Anemia is defined as having a lack of healthy red blood cells to carry adequate amounts of oxygen to the body’s tissues. It is one of the most common blood conditions in the United States, affecting almost 6% of the population.
There are three main causes of anemia. They include:
- A decrease in red blood cell production
- An increase in red blood cell destruction
- Blood loss
There are several factors that may lead to a decrease in red cell production, here a few:
- Not having enough iron, folate or vitamin B-12 in our diets
- Bone marrow or stem cell problems
Factors that can lead to an increase in red blood cell destruction are:
- Severe hypertension
- Toxins produced by advanced liver or kidney disease
- Genetic disorders such as sickle cell disease or thalassemia
Blood loss can be the result of an injury; it can also occur for other reasons such as heavy menstrual periods or gastrointestinal disorders such as inflammatory bowel disease.
Some people are more at risk than others for developing anemia. Those who have an increased risk are:
- Women who have heavy periods
- Women who are pregnant and are not taking prenatal vitamins that include iron and folic acid
- Older adults
- Individuals with a family history of anemia
- Individuals living with chronic conditions such as diabetes, hypertension or kidney disease
- Individuals with a diet that lacks sufficient iron, vitamin B-12 or folate
The signs and symptoms of anemia can be mild or severe depending on the cause, they may include:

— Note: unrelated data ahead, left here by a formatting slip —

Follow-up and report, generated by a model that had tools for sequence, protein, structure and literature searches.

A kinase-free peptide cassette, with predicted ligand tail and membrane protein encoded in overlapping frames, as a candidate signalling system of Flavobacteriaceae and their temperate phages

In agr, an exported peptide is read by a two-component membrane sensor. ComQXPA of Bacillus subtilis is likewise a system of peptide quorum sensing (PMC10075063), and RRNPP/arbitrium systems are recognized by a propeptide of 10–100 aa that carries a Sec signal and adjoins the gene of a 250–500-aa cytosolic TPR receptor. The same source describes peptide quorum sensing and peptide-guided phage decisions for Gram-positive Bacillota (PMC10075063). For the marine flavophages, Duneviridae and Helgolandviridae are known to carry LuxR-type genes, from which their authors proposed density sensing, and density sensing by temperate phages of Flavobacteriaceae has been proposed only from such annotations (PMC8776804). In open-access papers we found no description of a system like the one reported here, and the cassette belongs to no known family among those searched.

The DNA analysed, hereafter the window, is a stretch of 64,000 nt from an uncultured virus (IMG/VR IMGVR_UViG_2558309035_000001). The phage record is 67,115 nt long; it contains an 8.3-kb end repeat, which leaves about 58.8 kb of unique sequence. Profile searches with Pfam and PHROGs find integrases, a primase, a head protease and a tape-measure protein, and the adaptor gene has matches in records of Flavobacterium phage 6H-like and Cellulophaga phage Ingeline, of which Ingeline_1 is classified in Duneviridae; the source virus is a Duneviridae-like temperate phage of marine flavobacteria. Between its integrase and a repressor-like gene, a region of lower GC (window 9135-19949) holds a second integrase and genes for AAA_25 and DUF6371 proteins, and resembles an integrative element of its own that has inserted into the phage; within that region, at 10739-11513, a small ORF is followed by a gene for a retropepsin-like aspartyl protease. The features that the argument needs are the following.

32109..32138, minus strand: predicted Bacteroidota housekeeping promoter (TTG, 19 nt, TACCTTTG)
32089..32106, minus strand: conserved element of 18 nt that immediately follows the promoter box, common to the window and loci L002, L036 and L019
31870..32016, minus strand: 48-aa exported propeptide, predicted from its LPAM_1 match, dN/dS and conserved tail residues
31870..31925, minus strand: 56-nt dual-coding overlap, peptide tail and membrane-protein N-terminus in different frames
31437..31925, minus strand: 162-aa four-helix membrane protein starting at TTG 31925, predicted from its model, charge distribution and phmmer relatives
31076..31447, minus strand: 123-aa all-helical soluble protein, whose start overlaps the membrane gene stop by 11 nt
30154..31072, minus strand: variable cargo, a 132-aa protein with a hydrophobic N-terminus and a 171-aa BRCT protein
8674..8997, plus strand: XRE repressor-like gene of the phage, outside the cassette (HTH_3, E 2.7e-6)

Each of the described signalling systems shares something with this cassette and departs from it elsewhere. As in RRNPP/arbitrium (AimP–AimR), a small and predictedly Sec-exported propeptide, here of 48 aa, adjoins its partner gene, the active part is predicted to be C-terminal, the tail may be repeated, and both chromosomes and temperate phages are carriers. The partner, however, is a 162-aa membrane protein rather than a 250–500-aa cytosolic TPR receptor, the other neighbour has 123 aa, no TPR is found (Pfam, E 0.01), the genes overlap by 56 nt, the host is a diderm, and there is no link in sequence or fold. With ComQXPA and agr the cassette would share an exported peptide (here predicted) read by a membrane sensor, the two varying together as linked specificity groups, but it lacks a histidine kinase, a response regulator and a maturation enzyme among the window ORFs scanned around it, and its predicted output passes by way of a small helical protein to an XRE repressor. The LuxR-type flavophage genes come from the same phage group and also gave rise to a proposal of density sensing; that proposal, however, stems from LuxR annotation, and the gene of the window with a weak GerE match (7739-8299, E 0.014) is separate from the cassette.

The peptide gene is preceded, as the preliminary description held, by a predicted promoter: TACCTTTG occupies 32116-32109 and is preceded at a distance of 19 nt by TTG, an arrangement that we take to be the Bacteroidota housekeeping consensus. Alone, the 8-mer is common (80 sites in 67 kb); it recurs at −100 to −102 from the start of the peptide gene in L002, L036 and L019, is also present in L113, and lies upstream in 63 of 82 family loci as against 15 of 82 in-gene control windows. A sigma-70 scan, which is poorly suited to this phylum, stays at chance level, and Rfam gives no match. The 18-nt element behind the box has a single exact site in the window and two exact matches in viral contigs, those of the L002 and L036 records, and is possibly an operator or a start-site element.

- Shortness of breath
- Chest pain
- Irregular heartbeats
- Dizziness or lightheadedness
- Cold hands and feet
It is recommended that you see a doctor if any of these symptoms persist. During your appointment, your doctor may perform a physical examination and ask questions about your diet as well as family and medical history. A physical examination may be conducted and a series of tests ordered to determine a diagnosis.
Treatment for anemia depends on the cause. A patient’s treatment plan can involve making changes to their diet, and taking supplements. Prescription medications, chemotherapy, blood transfusions or marrow transplants may be needed in other instances
All content of this newsletter is intended for general information purposes only and is not intended or implied to be a substitute for professional medical advice, diagnosis or treatment. Please consult a medical professional before adopting any of the suggestions on this page. You must never disregard professional medical advice or delay seeking medical treatment based upon any content of this newsletter. PROMPTLY CONSULT YOUR PHYSICIAN OR CALL 911 IF YOU BELIEVE YOU HAVE A MEDICAL EMERGENCY.